ABM can also refer to one-to-few, which targets a small number of accounts at once and can be effective at a sector level. In this case, the research typically entails identifying the most significant problems the sector is currently facing. The resulting material is intended to show that we are aware of these problems and that we have a practical solution.
When businesses employ ABM for one-to-many targeting, confusion results. We are led to assume by Martech and LinkedIn that ABM can involve hundreds of accounts that have previously interacted with our material. They will assert that their marketing technology may be utilised to target and retarget particular accounts that are in-market as well as access intent data. Here, there is a lot of discussion regarding the challenges of large-scale personalization. However, the only real similarity between it and true ABM is the effort made up front to choose the target audience. ABM is not macro; it is micro. Scale issues are not necessarily relevant.
It depends on a few crucial elements how well one-to-one and one-to-few ABM programmes are designed. One example of close coordination between sales and marketing is a willingness to invest in thoroughly understanding your target demographic. Can you identify the actual pain points of a target consumer (as opposed to merely the ones you wish they had)? Can you make a strong connection between their problems and the value your business offers? And are you able to produce the precise content needed to make this all stand out and be memorable?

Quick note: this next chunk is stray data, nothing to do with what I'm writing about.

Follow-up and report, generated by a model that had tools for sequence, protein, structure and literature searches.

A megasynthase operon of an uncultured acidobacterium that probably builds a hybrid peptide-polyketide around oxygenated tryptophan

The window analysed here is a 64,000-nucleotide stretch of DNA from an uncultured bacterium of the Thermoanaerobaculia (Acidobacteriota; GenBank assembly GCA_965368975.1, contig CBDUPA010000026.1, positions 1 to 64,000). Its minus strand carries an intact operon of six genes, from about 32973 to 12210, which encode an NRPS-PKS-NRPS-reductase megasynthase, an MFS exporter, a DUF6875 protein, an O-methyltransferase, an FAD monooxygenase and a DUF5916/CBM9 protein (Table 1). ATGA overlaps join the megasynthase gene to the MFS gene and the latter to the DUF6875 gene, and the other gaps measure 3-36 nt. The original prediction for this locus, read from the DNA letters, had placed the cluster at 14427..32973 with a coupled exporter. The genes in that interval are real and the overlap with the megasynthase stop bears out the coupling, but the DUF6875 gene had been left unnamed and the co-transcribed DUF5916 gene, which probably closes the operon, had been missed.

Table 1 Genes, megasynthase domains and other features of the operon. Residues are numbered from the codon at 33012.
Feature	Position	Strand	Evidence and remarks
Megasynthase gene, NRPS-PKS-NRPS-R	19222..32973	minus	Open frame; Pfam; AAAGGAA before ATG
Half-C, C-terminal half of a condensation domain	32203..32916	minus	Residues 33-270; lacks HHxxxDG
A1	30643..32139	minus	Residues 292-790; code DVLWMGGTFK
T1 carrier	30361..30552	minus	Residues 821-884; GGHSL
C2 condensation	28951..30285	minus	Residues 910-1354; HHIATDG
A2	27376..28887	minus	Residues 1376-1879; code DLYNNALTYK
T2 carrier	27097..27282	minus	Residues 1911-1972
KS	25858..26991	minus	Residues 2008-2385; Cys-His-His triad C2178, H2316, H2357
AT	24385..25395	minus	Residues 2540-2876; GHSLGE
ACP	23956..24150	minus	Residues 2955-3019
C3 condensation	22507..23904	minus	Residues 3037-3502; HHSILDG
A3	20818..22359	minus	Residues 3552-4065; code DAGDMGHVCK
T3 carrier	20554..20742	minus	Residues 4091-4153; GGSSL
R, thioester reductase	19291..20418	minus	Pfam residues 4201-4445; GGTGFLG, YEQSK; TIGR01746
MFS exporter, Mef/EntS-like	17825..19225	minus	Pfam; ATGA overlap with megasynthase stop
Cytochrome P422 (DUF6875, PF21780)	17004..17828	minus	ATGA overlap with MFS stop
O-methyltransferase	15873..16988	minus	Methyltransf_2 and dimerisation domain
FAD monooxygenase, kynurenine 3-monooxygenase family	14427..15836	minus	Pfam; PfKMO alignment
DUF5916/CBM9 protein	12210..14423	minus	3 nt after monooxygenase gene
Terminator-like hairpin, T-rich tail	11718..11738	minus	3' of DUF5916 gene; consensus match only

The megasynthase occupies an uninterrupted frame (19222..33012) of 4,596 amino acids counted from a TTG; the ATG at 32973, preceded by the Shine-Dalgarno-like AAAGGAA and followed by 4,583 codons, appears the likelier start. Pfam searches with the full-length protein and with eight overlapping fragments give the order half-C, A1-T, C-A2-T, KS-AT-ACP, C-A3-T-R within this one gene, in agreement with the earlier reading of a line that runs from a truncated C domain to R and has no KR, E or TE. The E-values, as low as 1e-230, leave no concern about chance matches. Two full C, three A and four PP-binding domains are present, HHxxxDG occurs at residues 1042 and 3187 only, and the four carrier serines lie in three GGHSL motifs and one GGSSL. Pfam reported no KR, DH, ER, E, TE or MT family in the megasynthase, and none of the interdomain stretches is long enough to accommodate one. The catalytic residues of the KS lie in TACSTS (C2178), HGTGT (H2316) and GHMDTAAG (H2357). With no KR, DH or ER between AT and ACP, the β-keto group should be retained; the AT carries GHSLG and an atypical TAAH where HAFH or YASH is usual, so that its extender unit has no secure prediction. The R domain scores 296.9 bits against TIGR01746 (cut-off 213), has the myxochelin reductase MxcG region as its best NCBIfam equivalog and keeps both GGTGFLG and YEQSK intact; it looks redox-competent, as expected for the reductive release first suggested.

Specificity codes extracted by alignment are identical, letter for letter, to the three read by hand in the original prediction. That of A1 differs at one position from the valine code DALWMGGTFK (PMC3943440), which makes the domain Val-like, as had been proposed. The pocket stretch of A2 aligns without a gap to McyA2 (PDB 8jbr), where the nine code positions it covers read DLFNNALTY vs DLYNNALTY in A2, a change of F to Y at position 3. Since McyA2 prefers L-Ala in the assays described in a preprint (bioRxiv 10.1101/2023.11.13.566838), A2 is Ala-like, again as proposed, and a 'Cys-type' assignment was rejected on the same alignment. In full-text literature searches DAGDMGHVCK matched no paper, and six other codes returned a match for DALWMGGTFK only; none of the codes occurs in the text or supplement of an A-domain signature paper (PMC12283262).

If not, continue on.
How to Run a Successful ABM Campaign in Seven Easy Steps
1. Correct your targeting
Decide who you will target and assess if they are worth the effort by consulting with sales and other internal stakeholders.
2. Research your topic
Find out where they are having trouble. What do they have their attention on right now (in your area)? Who makes the decisions regarding purchases? Anybody from an administrator to the CEO could be in charge of this, depending on the type of purchase.
3. Develop a value proposition.
What are your points, and more importantly, why should people care? What contributions do you make? Where do their needs and your value proposition overlap?
4. Produce valuable, tailored content
Anything you write should be about them, not about you. They don’t care about you, and that is the harsh reality. All that matters to them is what you can do for them.
Consider that more customers prefer to self-serve information before contacting vendors when planning content: According to a 2022 survey, 66 percent of B2B buyers Via Considered Content. In fact, more than half (53%) of consumers prefer to make purchases without speaking with salespeople.